Northern Ireland manager Michael O'Neill will use a trip to the "iconic" Hampden Park to give more young players the chance to prove they have the mettle required for international football.
O'Neill has seen some young players come to the fore during an impressive start to their European Championship qualifying campaign, which has seen them pick up nine points from four matches thanks to away wins in Hungary and Greece.
O'Neill's side host Finland on Sunday in their next qualifier but they first of all will face Scotland in a friendly in Glasgow.
The former Shamrock Rovers boss said: "It will be a good test for us because, often with a friendly international, it can be a little bit low key.
"We have had a couple of those in the last few years and didn't get very much out of them. I think we will get a lot out of this game.
"The nature of it being Scotland-Northern Ireland will add to that as well and hopefully a big crowd at Hampden. Hampden is still an iconic stadium for our lads to get the opportunity to play at as well.
"So I think it will be of huge benefit to us. For some of our younger players, it will be a huge game for them to be tested in that environment and it will be an opportunity for me to see how they respond to that.
"We went to South America in the summer and played against Uruguay and Chile and, off the back of that, we found Conor McLaughlin for example, who has established himself at right-back, and we found Luke McCullough, who has come in and been part of the squad. This is an opportunity for other players to stake their claim.
"It's an opportunity for us to look at a couple of things from a tactical point of view, and an opportunity to give players who have not played very much football recently at club level, but are key players for us at international level, and an opportunity to introduce some of the younger players as well.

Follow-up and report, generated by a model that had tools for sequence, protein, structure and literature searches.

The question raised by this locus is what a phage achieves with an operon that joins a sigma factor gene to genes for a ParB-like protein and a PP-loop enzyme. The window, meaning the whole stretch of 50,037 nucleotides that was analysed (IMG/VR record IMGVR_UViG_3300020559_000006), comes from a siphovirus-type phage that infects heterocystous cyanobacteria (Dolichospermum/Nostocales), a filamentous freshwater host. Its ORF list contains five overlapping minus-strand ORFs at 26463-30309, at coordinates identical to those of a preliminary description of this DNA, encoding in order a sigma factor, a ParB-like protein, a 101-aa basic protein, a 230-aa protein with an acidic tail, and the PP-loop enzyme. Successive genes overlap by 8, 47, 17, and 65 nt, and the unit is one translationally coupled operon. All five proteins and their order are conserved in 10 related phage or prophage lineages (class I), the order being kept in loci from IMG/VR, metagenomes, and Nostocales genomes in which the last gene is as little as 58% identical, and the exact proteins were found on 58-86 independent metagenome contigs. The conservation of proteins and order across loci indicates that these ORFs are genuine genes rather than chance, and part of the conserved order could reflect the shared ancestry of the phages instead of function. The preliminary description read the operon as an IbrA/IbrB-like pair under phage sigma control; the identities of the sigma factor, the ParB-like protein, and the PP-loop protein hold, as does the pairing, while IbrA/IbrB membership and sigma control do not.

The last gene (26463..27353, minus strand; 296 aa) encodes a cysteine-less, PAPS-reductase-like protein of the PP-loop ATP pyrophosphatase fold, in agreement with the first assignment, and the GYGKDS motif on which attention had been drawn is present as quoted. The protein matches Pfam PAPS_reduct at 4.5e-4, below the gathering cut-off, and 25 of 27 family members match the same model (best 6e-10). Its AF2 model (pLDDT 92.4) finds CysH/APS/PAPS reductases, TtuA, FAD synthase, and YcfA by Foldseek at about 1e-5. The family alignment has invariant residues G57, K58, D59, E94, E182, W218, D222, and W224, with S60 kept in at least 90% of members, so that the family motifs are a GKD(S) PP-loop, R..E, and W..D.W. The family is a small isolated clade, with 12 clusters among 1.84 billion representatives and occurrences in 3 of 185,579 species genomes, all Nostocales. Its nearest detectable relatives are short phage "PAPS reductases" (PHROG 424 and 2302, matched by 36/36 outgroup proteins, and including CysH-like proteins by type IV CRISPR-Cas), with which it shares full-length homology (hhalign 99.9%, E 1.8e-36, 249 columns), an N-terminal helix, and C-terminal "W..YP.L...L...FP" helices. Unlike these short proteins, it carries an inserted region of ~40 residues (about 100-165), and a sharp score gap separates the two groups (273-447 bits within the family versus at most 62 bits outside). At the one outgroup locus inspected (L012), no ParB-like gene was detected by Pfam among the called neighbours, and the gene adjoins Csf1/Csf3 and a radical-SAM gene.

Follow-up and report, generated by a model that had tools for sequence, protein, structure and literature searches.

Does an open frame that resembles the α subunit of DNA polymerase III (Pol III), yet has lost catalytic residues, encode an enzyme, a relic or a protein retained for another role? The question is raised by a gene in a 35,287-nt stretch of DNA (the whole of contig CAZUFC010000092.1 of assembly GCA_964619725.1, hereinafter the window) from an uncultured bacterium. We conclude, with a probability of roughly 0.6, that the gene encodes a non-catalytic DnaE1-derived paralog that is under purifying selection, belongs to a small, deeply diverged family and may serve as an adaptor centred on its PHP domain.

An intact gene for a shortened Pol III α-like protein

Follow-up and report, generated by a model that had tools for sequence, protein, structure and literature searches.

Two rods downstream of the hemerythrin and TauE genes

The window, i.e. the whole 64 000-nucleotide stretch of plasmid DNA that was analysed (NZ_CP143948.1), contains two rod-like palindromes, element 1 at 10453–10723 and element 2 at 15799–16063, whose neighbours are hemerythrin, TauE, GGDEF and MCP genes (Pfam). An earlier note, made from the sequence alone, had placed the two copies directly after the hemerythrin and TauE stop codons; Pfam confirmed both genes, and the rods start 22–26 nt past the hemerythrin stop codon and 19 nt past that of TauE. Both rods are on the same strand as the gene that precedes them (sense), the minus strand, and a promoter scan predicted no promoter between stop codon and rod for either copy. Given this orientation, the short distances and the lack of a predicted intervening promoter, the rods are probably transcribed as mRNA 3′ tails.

"But the main focus is that we get through the game, we have a good performance, and it sets us up nicely for the game on Sunday."
Scotland have made a similarly positive start to their qualifying campaign and former Dundee United and Hibernian midfielder O'Neill believes that is a sign of a healthy game in a country he still spends much of his time in.
The former Brechin manager said: "It's pretty evident the improvement that's been made. They have seven points and they probably feel a little bit aggrieved that they don't have more than that. They were very unlucky in Poland not to win the game and possibly unlucky in Germany not to take something from the game. Scotland are in a very strong position in the group.
"But the main thing for me about Scottish football, and I watch it on a regular basis and we have a lot of players playing here now, is the influx of young players through the Scottish Premiership and the Scottish Championship as well. That has to be good for the national team.
"I think there has been too much negative publicity about Scottish football in recent times, obviously because of what has gone on with certain clubs, and I just think that now there should be a focus on the number of young players, potentially future international players, that are playing here.
"I think the game here is in a much healthier state than people give it credit for.
"People will always look at finance and crowds but what we see now is that young players with real potential getting the chance to play and I think that's a very healthy situation for Scottish football."
Meanwhile, O'Neill revealed he had minor fitness doubts over Aberdeen forward Niall McGinn and Blackburn defender Corry Evans and would check their fitness on Wednesday morning.
"It's not a game to take a risk with players' fitness, not only because of the game on Sunday but also out of respect to the players' clubs as well," he added.